For runners, a small meal, taken an hour before running, consisting of carbohydrates and a bit of protein can provide the energy needed to run effectively. A smoothie made with milk and fruit, or some yogurt topped with berries, provides the nutrients needed and is easily digested before a workout.

Consuming the right amount of carbohydrates before exercising can help you maximize your workout.

2. Protein
Protein—found in meat, milk, eggs, and soy—helps repair and rebuild tissues and muscles that could be affected during physical activities. With the proper amount of protein and adequate sleep, muscles repair, rebuild, and become stronger.

Soy is a good protein source as it is one of the few complete plant-based proteins containing all of the nine essential amino acids that the body cannot produce on its own. Runners should consume a combination of carbs and protein 30 to 45 minutes after exercising.

Carb to protein ratio should be 2-3:1, with 20 grams of high-quality protein after a workout and between 40 and 60 grams of carbohydrate. A sandwich on whole-grain bread with a piece of fruit or a high-protein recovery shake would fill the bill.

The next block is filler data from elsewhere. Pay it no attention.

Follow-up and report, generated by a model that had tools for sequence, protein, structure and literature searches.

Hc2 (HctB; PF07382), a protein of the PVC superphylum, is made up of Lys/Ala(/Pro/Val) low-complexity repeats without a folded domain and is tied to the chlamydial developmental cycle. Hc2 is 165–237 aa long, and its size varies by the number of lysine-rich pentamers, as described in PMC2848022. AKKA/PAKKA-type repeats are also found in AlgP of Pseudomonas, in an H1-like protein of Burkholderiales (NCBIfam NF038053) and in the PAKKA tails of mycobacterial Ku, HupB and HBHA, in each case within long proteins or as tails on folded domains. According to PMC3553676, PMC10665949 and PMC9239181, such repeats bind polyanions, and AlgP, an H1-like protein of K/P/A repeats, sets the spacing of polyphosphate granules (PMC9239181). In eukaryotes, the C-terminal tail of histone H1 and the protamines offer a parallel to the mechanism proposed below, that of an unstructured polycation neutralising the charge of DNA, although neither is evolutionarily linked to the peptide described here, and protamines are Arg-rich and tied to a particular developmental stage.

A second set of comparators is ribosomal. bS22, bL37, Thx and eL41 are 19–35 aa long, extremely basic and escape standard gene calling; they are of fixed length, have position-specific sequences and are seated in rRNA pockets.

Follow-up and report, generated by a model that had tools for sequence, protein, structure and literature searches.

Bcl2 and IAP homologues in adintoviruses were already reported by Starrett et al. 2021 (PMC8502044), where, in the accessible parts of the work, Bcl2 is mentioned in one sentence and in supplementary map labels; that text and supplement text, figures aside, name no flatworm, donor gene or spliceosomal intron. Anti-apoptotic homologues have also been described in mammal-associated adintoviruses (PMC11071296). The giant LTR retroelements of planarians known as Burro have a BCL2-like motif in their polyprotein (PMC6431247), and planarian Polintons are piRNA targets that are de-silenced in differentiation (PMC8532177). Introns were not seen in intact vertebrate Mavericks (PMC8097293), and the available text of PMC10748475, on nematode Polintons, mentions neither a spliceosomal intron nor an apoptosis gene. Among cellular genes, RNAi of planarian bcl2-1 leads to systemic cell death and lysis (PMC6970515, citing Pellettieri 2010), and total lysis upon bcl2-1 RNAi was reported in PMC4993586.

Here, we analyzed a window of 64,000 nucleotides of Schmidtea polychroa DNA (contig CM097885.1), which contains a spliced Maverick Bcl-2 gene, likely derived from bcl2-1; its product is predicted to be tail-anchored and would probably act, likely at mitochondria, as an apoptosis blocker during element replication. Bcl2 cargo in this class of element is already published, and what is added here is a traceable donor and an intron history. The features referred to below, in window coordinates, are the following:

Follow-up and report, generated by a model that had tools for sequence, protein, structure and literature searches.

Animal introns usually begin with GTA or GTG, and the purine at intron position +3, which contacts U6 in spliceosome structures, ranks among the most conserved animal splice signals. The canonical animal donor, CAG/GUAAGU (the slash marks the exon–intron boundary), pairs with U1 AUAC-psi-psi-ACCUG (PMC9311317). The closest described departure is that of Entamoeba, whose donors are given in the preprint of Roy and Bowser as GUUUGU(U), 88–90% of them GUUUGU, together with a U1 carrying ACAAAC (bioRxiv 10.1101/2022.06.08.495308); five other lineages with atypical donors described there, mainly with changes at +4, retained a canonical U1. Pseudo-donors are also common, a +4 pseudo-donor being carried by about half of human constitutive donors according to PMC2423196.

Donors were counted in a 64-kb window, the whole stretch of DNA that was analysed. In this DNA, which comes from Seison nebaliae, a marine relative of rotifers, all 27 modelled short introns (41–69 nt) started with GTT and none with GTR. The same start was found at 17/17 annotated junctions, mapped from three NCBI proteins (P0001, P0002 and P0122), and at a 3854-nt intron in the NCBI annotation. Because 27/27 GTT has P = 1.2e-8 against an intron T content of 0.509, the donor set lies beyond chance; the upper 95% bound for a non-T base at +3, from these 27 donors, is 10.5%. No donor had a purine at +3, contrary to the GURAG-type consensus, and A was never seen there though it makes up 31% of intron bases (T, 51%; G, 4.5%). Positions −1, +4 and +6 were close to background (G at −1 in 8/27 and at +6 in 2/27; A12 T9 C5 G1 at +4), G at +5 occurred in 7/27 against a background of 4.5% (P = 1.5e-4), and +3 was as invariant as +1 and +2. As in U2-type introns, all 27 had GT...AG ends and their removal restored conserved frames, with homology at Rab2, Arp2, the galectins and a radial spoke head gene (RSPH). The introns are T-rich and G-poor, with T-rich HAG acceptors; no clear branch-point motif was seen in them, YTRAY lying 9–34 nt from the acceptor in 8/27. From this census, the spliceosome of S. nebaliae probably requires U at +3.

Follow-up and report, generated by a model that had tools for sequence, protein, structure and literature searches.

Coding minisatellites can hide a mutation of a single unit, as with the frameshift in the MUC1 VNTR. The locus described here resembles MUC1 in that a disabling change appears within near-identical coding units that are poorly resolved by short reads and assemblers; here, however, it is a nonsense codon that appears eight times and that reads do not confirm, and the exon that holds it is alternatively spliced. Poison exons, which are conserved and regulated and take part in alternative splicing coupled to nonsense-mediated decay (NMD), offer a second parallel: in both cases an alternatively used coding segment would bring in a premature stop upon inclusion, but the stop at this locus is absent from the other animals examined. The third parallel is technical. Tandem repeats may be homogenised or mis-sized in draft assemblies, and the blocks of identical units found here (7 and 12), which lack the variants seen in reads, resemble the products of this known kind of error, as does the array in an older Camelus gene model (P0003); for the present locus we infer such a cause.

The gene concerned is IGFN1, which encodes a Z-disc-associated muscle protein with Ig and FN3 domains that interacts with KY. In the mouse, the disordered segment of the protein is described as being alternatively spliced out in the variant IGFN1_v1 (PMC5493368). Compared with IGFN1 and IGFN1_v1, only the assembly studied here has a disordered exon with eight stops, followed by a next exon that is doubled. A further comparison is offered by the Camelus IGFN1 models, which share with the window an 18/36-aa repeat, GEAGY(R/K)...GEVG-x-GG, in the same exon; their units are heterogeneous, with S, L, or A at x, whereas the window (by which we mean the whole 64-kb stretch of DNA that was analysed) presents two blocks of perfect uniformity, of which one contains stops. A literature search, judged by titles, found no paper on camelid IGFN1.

3.Fat
Fat serves as an essential energy source. It is often used as fuel, particularly during moderate-intensity exercise that lasts for an extended period, such as a moderate jog lasting at least 30 minutes or so. The body will utilize more fat than carbohydrate for fuel in an attempt to conserve carbohydrate that is stored in the liver and muscles.

Choose beneficial fats—such as those found in olive oil, avocado, and nuts—and avoid saturated fats¬¬that can raise the risk of heart disease. This means staying away from fatty red meats, and ultra-processed foods, such as fast food or bakery items.

4. Vitamins and minerals
There are different kinds of vitamins and minerals that help maintain the balance in body system functions; fruits and vegetables are the best sources to obtain them. During exercise, the body excretes waste in the form of sweat, which also removes important minerals from the body. If you opt to exercise for more than one hour, energy and mineral drinks are highly recommended to replace lost fluids and minerals.

5.Water